Following on from the announcement of the confirmed speakers for Plenary Session 3 Climate Change and Vulnerable Communities, the Organising Committee is delighted to profile Distinguished Professor David Hodas, Widener University, who will present a paper on "Sustainable Energy Law for a Climate Change Epoch: A Global Imperative" on Thursday 27 June: 9.00am-11.00am.
David R. Hodas is Distinguished Professor of Law, Widener University School of Law (Delaware). His teaching and scholarship address sustainable energy law and policy, climate change law, environmental, administrative and constitutional law. He co-authored Climate Change Law: Mitigation and Adaptation (West-Thomson Reuters 2009), is a member of the Energy Expert Group of the IUCN Environmental Law Commission, and chairs the State of Delaware Governor's Energy Advisory Council, which drafted the Delaware 2009-2014 Energy Plan. He is an editor of Natural Resources and Environment and the IUCN Academy of Environmental Law E-Journal. Professor Hodas has a B.A. cum laude and with honors in political science, Williams College (1973); a J.D. cum laude , Boston University School of Law (1976); and an LL.M. in Environmental Law (Feldshuh Fellow), Pace University School of Law (1989).
Abstract: Sustainable Energy Law for a Climate Change Epoch: A Global Imperative
Anthropogenic global warming is already changing the global climate and producing more frequent extreme weather events, arctic ice melt, and sea-level rise. Substantial, rapid greenhouse gas emission reductions could limit global warming to 2ºC above pre-industrial age global average temperatures, but the window of opportunity is closing fast. Sufficient renewable energy resources and energy efficient technologies are available for the world to largely end its reliance on greenhouse gas-emitting fossil fuels. Improved drilling technology, however, has increased the available supply of fossil fuels, which are profoundly subsidized by nature’s ecosystem services that made the fossil fuels, by direct and indirect societal subsidies, by the market’s failure to internalize the external costs of burning fossil fuels into the price of the fuels, and by traditional energy laws that promote the use of fossil fuels. Only well-designed sustainable energy laws and policies that make it more profitable to supply modern energy services through efficient use of renewable energy, rather than by burning fossil fuels, can unleash market forces at the scale needed to limit warming to 2ºC. Successful models of sustainable energy laws and policies must be adopted and implemented globally if the world is to have any realistic chance of avoiding dangerous, if not catastrophic, climate change.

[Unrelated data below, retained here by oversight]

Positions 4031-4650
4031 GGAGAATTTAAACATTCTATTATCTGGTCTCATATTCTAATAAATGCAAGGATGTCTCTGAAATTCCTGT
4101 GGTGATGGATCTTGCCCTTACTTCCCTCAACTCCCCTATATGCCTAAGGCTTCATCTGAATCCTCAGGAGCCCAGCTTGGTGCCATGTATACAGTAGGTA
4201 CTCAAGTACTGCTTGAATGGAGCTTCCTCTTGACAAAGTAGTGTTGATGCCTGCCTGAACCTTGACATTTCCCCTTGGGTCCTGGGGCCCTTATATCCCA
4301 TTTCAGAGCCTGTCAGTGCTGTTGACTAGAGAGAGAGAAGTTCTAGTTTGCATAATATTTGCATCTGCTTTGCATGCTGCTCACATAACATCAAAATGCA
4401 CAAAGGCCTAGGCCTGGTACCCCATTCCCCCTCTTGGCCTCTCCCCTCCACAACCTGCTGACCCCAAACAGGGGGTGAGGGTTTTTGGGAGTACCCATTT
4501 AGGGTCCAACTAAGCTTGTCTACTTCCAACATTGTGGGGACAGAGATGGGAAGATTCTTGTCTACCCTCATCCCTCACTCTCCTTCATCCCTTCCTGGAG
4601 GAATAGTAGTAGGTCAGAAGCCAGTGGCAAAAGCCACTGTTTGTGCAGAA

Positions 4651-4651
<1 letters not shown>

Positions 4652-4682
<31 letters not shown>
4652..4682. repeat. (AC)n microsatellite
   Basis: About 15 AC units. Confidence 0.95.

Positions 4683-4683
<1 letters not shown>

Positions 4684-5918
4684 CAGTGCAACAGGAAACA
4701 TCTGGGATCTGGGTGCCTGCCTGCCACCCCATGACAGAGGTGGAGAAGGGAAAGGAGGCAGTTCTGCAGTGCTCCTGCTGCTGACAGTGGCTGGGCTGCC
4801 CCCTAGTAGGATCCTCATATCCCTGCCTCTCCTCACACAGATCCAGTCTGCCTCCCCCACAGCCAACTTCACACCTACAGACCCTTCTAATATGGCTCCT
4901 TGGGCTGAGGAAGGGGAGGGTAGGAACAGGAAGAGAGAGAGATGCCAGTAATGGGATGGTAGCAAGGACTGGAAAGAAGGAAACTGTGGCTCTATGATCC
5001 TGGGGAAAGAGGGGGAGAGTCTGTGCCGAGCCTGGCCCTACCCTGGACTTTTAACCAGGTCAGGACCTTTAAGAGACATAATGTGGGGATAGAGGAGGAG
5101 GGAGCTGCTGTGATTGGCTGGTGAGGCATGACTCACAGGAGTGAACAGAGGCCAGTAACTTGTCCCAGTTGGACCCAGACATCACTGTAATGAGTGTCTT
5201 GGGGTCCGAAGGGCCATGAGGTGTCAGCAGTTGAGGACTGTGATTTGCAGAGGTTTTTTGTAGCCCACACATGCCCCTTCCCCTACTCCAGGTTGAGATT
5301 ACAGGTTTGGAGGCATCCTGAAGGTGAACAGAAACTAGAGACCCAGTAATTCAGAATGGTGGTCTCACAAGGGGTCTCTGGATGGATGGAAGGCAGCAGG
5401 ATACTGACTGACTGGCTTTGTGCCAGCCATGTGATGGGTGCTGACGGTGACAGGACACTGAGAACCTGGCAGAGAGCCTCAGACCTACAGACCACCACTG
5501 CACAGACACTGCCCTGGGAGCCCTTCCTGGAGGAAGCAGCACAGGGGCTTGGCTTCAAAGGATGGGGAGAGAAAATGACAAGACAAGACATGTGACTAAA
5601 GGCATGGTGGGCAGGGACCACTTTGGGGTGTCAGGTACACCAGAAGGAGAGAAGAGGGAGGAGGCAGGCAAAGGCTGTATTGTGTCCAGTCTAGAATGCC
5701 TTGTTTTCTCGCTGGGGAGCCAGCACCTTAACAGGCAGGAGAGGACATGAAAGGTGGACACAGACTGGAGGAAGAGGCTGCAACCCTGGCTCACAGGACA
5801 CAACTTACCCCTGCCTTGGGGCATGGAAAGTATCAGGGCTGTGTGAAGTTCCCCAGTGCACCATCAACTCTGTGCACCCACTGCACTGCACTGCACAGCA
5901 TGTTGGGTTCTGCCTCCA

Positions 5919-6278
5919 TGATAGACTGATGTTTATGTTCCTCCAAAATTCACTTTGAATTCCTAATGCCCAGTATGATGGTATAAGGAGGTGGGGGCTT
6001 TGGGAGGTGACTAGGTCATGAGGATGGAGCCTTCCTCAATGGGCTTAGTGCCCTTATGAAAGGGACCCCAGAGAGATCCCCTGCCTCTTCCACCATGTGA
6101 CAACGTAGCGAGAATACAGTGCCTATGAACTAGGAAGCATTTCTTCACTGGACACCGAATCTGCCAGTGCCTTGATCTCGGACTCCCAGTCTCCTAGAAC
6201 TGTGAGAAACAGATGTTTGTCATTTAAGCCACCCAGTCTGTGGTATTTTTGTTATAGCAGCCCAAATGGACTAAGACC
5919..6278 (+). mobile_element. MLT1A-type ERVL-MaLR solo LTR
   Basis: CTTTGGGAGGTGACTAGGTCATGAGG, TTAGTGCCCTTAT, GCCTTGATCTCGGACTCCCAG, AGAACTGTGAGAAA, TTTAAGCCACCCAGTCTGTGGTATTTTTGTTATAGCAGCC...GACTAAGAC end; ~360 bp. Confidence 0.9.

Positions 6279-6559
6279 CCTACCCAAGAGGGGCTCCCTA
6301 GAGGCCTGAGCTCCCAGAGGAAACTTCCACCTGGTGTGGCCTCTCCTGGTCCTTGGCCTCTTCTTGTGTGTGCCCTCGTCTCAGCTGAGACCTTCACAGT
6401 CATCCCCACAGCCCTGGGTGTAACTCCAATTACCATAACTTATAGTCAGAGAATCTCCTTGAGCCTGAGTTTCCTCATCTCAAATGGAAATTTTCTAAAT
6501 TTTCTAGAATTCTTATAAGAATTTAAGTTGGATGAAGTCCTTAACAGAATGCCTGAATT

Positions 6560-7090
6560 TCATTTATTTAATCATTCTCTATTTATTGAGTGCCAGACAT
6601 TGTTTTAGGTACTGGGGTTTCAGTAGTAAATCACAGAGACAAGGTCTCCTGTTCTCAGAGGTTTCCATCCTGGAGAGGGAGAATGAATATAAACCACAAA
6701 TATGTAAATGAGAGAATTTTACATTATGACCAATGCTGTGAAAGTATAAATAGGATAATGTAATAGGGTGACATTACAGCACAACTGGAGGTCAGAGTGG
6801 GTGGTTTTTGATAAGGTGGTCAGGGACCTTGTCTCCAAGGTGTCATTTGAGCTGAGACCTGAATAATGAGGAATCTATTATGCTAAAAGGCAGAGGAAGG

Organizing Committee: 11th IUCN Academy of Environmental Law Colloquium 2013